Idei takes Sony reigns

Nobuyuki Idei may not leap tall buildings in a single bound, but to some people, he seemed super-powered in March when, in an unexpected move, he was named to head Sony Corp.

When Idei, 57, was tapped to succeed Norio Ohga as Sony’s prexy, the move stunned Sony insiders and the entire industry.

“It just wasn’t expected,” said a former American colleague of Idei’s who declined to be named. “He certainly had visibility and was known to be close to Ohga, but some of us expected a very different approach.”

Sony’s failure over the past few years to come up with a hit product and its desire to lead the digital age had many in Japan speculating that an engineer would be chosen to replace Ohga.

Even Idei, whose background is in marketing and public relations, admits to having been “speechless” when he was selected over no fewer than 14 more senior executives.

“Ohga chose him mainly because he can talk with all those Hollywood people comfortably. And with Sony moving more and more toward becoming an entertainment company rather than an electronics company, that’s key,” said Masami Fujino, an electronics industry analyst for Swiss Bank in Tokyo.

In that sense, Idei may be a throwback to Sony founder Akio Morita, who delighted in hobnobbing with the likes of Leonard Bernstein. But Idei’s tenure as Sony chief is going to be no Hollywood party. With the company facing financial and technical turmoil, Idei has the weight of the consumer electronics world on his shoulders.

Not completely. Ohga will stay as chairman to help run things.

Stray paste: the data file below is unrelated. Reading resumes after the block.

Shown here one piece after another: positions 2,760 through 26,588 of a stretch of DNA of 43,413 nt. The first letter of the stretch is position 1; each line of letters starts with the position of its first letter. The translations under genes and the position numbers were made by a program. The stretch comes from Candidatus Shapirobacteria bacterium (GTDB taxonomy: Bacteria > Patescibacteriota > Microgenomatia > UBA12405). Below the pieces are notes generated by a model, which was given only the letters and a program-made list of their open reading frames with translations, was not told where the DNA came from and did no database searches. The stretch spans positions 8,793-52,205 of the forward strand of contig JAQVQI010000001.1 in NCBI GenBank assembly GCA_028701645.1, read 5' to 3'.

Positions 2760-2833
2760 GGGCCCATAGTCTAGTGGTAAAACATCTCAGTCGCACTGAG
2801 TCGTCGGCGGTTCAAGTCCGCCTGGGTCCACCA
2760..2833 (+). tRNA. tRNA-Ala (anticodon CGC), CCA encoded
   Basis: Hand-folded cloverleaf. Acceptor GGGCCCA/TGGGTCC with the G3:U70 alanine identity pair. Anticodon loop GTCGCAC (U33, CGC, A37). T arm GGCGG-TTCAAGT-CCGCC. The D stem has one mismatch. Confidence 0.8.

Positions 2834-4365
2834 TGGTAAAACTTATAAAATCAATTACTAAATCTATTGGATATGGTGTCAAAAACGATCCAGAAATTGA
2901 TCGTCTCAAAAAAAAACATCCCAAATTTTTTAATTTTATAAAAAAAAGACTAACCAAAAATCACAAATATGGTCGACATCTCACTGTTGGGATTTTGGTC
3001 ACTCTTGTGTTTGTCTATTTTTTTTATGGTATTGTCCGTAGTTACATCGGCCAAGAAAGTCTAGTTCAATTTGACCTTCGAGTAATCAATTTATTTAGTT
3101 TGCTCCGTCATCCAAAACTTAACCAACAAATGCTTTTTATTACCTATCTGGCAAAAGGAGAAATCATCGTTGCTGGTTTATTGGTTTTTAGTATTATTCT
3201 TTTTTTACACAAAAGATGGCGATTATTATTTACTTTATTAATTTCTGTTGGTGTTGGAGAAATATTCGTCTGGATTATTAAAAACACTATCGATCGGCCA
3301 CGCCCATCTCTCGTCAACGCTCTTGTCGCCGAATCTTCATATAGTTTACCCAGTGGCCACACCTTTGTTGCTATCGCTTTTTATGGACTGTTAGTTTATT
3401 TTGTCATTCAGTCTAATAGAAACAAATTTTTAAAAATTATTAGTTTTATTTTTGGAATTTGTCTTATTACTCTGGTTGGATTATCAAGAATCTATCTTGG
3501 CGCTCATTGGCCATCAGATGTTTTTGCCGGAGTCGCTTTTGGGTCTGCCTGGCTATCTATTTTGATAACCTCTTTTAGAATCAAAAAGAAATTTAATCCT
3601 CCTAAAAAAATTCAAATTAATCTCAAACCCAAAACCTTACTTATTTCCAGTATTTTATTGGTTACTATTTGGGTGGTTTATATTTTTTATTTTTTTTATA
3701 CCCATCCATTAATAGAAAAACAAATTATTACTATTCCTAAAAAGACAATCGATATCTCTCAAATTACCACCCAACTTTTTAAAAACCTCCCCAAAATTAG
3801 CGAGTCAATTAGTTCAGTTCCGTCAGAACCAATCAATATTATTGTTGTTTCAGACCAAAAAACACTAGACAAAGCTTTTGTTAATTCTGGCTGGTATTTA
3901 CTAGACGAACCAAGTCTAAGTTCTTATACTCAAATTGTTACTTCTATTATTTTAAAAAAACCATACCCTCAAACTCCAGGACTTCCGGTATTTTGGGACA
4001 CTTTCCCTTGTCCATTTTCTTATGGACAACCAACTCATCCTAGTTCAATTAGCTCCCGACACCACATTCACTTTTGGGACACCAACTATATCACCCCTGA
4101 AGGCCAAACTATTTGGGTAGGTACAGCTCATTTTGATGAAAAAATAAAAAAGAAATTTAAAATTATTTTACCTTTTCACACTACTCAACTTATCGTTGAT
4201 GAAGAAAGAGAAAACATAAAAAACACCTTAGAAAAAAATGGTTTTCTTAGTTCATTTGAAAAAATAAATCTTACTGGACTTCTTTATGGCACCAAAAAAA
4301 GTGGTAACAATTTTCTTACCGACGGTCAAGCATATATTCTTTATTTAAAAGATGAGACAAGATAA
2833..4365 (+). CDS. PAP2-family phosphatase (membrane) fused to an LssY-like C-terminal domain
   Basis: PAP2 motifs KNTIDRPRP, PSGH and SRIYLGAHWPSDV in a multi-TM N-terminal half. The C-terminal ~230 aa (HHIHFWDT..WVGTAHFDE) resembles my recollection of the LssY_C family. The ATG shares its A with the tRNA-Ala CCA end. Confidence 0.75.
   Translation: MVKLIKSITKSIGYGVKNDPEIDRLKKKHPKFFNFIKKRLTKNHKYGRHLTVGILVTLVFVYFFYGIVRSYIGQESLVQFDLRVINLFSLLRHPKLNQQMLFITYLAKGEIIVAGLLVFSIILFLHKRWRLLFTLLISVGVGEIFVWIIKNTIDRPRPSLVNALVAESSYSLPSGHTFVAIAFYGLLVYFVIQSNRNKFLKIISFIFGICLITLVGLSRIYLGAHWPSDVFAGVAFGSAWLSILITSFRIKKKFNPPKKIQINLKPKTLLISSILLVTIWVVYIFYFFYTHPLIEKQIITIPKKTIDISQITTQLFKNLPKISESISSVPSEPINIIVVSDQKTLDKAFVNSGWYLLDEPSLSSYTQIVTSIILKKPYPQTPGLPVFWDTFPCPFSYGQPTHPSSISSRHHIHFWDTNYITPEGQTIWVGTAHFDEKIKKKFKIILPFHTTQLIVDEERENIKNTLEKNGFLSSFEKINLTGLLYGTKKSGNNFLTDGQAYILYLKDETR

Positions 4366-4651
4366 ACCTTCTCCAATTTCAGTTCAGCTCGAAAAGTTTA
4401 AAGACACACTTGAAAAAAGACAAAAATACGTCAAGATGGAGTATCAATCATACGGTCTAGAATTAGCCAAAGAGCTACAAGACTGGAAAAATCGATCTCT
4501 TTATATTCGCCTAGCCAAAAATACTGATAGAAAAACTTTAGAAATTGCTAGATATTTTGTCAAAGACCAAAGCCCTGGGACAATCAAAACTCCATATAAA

The task facing Idei and Ohga will be to steer Sony through tough waters in an industry in which the line between hardware and software has blurred.

The company’s troubles were underlined in a big way in November, when it wrote off $3.2 billion from its Hollywood studio operations, a galling public admission that it had overpaid for Columbia Pictures in 1989. Of greater concern are the strong yen and competition from lowcost Asian rivals.

Sony’s recent push to set the standard for the digital video-disc (DVD) relies heavily on support it can drum up from Hollywood and personal computer makers. So far, however, a rival camp led by Time Warner and Japan’s Toshiba and Matsushita appear to have the early lead in Hollywood.

Before being named president, Idei was managing director in charge of Sony’s brand image and corporate communications.

At almost every crucial technology juncture in recent years, Idei has been a key player.

Analysts say it was Idei’s ease in handling the firm’s marketing, advertising and public relations and his eagerness to jump into new fields that catapulted him over his senior colleagues.

Idei is usually soft-spoken, but those who know him say he can speak harshly when necessary.

Idei, who declined to be interviewed for this article, speaks English and French, and spent nine years in Europe, where he played a key role in setting up Sony’s French unit.

Idei says his first priority is fixing the financial problems in Sony’s Hollywood operation, which already has undergone a major overhaul. Earlier this year, he hinted that the company might consider selling a stake in its entertainment operations, possibly to a cable television, satellite or telecommunications concern.

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